After graduating from Harvard College, where author Zack Love studied literature, psychology, philosophy and film, he relocated to New York City to work as a corporate consultant. In 2013, he published Sex in the Title: a Comedy about Dating, Sex, and Romance in NYC (back when phones weren’t so smart). Zack’s novel about five bachelors who take on Manhattan in pursuit of dates, sex and adventure has been called “The male Sex and the City.”
In the spring of 2014, Zack released his other unpublished works of fiction, including works such as The Doorman, a novelette about tormented love, empty office life, and theological introspection inspired by the tragic events of September 11th, and Central Park Song, a charming screenplay about a chance encounter between two very different individuals and the life-changing romance that follows. All of his short stories and scripts were published together in a 70,000-word collection titled Stories and Scripts: an Anthology.
In Love’s most recent novel, The Syrian Virgin, a young girl escapes the carnage and brutality of the Syrian Civil War to begin her life anew in New York, and finds herself at the center of a complicated love triangle. To learn more about Zack and his writing, visit www.zacklove.com.
How would you describe your childhood, and how did it shape who you are today?
Ever since I was a child, I was fascinated by stories and the written word. That is about the only useful link I can find between my childhood and my adulthood. It’s mostly been a wild and unpredictable ride from then to my current life as an adult (and an author), but I recently reflected on why I write, and produced this “author manifesto” of sorts.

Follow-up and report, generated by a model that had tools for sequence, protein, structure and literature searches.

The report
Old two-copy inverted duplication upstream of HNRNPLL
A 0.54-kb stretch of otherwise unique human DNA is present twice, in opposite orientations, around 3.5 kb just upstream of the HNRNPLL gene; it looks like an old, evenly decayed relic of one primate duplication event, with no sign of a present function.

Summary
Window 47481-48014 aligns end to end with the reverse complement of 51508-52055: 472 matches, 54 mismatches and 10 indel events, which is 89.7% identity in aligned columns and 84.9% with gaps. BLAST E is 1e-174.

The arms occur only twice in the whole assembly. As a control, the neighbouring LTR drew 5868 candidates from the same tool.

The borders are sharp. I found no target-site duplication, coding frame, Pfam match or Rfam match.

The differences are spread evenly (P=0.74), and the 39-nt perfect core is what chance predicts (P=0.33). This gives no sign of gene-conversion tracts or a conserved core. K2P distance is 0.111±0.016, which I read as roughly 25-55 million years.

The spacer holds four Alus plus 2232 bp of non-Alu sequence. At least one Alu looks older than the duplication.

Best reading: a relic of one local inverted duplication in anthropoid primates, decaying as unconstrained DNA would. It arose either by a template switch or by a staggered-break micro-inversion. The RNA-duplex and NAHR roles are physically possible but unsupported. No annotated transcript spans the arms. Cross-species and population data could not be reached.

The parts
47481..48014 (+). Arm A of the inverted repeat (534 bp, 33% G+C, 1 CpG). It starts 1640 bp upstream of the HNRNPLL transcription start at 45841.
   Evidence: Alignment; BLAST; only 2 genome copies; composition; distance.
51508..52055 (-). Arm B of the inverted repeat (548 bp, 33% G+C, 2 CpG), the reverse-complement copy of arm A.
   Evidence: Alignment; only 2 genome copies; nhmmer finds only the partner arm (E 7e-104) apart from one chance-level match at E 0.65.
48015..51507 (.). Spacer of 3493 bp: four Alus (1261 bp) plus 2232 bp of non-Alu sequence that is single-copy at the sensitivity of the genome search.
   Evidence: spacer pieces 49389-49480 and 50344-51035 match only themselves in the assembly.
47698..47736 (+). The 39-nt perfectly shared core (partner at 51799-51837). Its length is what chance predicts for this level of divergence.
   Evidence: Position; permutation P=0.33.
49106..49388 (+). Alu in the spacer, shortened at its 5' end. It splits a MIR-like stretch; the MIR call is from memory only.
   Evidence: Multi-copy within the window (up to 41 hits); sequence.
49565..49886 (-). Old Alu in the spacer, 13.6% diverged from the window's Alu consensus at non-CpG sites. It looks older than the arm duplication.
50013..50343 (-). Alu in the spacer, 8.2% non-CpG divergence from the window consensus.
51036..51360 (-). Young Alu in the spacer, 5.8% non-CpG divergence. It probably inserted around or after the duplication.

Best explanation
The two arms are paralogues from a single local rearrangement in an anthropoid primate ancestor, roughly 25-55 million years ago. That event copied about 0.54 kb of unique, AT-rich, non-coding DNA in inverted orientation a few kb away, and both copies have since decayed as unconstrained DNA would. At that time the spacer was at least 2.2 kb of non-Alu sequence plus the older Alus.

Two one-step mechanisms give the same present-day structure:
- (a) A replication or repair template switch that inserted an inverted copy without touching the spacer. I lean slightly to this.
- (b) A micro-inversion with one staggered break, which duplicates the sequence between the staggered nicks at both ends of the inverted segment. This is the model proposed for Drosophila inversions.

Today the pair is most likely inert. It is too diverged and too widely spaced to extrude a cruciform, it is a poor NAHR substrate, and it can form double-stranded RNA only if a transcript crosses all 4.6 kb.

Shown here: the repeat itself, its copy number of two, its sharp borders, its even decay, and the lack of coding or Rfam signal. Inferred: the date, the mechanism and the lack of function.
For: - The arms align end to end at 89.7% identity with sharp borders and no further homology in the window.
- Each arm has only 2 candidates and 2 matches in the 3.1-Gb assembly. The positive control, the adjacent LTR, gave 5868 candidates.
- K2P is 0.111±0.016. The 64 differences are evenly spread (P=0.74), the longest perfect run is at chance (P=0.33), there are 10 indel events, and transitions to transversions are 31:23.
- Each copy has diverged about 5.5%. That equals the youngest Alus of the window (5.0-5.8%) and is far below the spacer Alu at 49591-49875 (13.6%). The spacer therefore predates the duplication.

What are your fondest memories of your early years in New York?
Discovering Big Nick’s Burger & Pizza Joint (sadly, it recently closed). Avoiding puddles with different colored chemicals in them, wondering how many New Yorkers could identify the many diverse liquids randomly floating about in their midst. Running through Central Park, marveling at how such raw nature could co-exist with the thoroughly unnatural urban environment surrounding it.
What inspired you to write Sex in the Title? How did the story take shape, and how much of the novel is drawn from your own experiences?
The original bio that I wrote to accompany the novel answers this best:
Zack Love graduated from Harvard College, where he tried to create a bachelor’s degree in Women. With the bachelor portion of that degree in hand, he settled in New York City but – to afford renting his bed-sized studio – found himself flirting mostly with a computer screen and stacks of documents. Determined not to die a corporate drone, Zack decided to sacrifice sleep for screenwriting, an active social life, and Internet startups offering temporary billion-dollar fantasies.